The Minister of Finance, Ken Ofori-Atta will appear before Parliament this morning to answer questions over the circumstances surrounding the issuance of the $2.25 billion local bond issued in April which has created enormous controversy.
The Minority in Parliament alleges a conflict of interest in the issuance of the bond which was done in secrecy, but the Finance Ministry maintains the right processes were followed.
The Majority side supports the Minority in the move to haul the Minister before the House.
However, the Minister’s anticipated presence in the House may not end the controversy as the Minority side suspects he would not be forthcoming with all the information requested.
Even before the Minister appears before the House, the Minority side has threatened to press contempt charges against him should he fail to furnish the House with adequate information on the bond issue.
Former Deputy Finance Minister and Minority Spokesperson on Finance, Cassiel Ato Forson says the resolution of the House, which led to the summoning of the Minister, must be strictly adhered to when he appears before them.
Mr. Forson told journalists in Parliament yesterday that the provision of detailed documentation on the bond would help settle the controversy surrounding the issuance of the bond.
He said they want Mr Ofori-Atta to present to the House the full complement of the details of the bond as agreed and “not in the form of a statement as we did not ask for a statement but documentation.”
“It will be contempt of Parliament for him to come and present a statement as the resolution is clear, straightforward with no ambiguity,” he said.
Questions have been asked about the transparency of the domestic bond government issued in April, with some claiming it was carried out in an atmosphere of secrecy. There was also the claim the bond issued amounted to a conflict of interest situation against the Finance Minister.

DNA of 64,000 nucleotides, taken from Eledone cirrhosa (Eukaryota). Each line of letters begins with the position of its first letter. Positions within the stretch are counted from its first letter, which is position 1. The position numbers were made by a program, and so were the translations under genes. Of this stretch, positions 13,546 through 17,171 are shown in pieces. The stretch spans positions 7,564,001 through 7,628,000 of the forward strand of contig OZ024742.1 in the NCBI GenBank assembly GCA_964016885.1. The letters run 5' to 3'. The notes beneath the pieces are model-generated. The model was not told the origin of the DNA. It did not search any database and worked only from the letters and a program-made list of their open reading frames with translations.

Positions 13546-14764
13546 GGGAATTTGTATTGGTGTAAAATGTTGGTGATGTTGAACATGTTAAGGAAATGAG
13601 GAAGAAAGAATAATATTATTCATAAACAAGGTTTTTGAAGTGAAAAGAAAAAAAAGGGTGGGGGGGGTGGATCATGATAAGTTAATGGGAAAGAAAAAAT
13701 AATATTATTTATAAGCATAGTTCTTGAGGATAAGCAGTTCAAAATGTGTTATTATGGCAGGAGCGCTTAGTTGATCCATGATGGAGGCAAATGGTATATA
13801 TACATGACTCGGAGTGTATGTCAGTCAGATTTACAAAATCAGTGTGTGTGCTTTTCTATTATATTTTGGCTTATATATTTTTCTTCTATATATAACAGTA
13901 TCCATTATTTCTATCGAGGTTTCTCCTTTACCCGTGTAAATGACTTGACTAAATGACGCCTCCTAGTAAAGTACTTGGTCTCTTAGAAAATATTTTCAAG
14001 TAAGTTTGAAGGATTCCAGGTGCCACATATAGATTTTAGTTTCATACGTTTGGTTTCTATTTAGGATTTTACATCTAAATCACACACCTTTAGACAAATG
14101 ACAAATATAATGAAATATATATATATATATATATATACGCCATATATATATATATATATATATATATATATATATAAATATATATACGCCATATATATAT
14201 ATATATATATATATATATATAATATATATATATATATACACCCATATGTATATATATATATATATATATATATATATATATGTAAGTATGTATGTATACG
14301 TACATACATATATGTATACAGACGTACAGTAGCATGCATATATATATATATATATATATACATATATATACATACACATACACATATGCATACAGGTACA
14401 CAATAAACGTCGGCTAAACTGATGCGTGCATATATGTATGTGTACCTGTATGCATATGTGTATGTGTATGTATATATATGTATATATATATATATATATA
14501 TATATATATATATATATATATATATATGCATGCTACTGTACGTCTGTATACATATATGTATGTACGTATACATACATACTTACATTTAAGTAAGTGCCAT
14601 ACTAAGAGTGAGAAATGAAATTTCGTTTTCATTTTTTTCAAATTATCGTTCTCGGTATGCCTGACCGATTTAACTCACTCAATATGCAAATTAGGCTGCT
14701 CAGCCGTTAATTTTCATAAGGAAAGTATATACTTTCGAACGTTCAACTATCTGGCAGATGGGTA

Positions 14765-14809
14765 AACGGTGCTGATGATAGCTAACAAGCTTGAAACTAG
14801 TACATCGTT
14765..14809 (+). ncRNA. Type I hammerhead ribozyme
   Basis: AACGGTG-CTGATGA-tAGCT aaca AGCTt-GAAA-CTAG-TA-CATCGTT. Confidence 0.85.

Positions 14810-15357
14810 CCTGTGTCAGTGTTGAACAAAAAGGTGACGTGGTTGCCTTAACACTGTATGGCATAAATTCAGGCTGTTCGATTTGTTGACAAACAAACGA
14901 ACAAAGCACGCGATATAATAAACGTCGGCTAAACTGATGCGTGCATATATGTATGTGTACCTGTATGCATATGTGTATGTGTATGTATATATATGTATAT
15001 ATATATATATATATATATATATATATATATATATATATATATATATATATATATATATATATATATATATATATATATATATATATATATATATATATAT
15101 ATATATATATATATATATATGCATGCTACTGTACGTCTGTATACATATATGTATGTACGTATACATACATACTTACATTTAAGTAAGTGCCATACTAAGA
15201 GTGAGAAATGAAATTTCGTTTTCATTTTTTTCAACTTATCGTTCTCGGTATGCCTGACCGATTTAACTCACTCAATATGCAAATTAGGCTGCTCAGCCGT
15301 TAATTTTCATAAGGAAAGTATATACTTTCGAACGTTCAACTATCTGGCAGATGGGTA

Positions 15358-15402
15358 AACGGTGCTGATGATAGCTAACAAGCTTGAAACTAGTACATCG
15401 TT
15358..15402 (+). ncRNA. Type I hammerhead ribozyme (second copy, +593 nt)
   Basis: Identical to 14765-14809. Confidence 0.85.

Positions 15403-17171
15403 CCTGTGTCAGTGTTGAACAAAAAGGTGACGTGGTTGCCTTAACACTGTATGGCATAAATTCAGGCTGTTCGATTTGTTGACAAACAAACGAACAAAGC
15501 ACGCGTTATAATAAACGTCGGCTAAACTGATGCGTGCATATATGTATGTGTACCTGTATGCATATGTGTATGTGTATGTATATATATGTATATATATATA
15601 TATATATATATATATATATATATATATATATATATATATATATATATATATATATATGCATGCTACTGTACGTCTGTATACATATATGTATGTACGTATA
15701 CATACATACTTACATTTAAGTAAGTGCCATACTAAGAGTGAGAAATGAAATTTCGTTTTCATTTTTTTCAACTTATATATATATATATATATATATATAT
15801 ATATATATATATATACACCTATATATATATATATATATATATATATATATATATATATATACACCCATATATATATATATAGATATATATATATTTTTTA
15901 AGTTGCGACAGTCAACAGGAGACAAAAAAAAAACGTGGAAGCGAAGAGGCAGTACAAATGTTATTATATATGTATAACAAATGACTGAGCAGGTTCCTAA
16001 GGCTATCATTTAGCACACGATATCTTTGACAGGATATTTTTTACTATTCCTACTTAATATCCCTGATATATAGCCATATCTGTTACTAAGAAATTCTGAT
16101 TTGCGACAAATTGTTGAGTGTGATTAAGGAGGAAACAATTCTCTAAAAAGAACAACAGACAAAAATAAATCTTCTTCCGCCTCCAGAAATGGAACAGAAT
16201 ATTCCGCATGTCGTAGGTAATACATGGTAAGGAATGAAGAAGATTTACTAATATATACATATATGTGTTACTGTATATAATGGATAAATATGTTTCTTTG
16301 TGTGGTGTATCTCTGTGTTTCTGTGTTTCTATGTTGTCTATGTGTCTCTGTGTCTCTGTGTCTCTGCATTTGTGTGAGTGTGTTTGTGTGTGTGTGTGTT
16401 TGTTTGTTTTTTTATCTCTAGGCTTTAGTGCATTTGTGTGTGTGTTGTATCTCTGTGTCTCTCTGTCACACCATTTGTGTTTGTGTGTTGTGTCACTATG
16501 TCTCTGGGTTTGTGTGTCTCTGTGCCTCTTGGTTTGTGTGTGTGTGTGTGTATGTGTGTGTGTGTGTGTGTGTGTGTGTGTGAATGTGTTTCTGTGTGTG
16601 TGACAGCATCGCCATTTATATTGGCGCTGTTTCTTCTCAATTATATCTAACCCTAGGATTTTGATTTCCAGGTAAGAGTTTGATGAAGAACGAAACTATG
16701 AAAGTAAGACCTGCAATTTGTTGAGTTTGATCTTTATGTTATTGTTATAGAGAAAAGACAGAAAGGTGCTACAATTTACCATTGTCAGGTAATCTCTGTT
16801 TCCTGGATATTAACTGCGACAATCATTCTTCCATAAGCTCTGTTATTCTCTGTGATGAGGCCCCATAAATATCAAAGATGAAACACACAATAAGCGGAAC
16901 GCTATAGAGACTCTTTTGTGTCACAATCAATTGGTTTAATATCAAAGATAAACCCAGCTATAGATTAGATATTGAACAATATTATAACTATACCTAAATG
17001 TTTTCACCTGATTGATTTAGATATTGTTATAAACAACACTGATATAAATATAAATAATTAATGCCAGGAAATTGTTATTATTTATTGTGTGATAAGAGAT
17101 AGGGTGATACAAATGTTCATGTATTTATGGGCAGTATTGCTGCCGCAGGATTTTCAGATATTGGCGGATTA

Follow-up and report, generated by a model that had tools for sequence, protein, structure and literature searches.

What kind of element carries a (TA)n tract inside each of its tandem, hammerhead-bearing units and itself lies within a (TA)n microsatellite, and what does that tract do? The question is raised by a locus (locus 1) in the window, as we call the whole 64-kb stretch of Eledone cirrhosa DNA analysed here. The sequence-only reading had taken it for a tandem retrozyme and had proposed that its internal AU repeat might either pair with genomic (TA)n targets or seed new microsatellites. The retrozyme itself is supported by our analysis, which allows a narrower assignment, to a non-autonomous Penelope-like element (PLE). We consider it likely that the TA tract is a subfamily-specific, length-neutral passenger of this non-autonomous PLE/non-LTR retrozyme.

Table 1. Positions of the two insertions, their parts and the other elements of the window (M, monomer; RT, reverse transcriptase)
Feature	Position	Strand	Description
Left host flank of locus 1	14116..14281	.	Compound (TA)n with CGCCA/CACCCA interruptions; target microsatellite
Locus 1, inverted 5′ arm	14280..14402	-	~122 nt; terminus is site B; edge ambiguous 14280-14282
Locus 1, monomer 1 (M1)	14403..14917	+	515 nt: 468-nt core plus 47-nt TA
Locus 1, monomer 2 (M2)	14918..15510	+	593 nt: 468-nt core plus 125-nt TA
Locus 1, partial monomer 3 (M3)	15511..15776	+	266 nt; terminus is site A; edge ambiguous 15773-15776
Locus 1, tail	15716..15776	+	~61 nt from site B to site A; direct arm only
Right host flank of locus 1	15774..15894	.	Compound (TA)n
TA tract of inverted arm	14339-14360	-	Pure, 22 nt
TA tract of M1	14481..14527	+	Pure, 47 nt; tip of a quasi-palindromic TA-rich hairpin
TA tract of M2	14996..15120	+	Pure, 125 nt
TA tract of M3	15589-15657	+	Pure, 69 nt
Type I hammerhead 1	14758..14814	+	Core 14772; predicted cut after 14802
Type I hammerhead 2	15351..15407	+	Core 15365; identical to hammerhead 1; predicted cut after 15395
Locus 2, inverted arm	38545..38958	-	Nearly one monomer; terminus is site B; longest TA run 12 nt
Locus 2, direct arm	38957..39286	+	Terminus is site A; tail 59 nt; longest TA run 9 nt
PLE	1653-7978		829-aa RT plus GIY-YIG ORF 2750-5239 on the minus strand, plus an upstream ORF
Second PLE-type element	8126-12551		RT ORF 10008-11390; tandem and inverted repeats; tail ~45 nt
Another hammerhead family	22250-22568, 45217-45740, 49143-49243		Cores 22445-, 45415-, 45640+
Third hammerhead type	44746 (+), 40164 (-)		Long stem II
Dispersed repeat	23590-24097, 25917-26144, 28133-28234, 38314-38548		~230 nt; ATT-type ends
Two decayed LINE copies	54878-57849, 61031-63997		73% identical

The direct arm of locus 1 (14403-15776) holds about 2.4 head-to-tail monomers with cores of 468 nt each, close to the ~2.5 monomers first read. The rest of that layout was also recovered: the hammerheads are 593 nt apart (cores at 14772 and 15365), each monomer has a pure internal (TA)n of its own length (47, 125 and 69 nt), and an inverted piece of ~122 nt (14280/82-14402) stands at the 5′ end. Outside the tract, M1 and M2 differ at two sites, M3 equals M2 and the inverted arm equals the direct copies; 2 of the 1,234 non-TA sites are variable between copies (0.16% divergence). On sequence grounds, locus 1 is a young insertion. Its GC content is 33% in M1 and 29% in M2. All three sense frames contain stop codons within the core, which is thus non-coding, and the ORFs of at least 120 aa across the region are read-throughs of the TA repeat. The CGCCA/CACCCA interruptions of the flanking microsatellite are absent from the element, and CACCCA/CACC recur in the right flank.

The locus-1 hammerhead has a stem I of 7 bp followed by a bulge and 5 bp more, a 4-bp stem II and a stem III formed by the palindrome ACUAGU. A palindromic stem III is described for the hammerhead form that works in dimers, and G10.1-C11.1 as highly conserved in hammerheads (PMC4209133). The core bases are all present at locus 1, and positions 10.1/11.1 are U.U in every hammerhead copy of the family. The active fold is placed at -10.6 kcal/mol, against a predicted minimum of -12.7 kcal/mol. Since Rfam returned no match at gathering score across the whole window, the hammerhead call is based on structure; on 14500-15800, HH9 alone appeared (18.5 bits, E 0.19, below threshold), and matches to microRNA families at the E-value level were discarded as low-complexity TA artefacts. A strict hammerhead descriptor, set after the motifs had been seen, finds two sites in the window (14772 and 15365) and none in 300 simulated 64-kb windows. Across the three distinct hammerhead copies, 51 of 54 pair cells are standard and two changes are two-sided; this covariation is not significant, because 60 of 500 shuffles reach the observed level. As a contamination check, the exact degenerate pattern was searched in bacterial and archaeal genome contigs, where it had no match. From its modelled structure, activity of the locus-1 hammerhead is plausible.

According to the Minority, the involvement of Trevor G. Trefgarne, a non-Executive Director on the Board of the investment firm that purchased 95 percent of the $2.25 billion bond raises questions. Mr. Trefgarne also doubles as the Chairman of the Enterprise Group and he is said to have a link to Attorney-General Gloria Akuffo and the Finance Minister.
Parliament last week passed a half hour motion to compel the Finance Minister, to provide detailed information on the bond issued by government within seven days.
The motion was filed by the Minority Leader, Haruna Iddrisu, with a request for the full complement of documentation related to the issuance, the participants, the utilisation of proceeds and the currency in which the bond was settled.
However, Deputy Majority Whip, Matthew Nyindam said the support for the half-hour motion by the Majority Leader shows the commitment of the Majority to working in the interest of mother Ghana and not the New Patriotic Party (NPP).
He said President Akufo-Addo’s government is an open one so when the Finance Minister faces the House today, “he will speak to all the details including how the money realised would be spent.”
“We promised good governance and we will deliver that as we have nothing to hide. We want to play our oversight responsibility and deliver proper accountability,” he said.
By: Samuel Mingle/adrdaily.com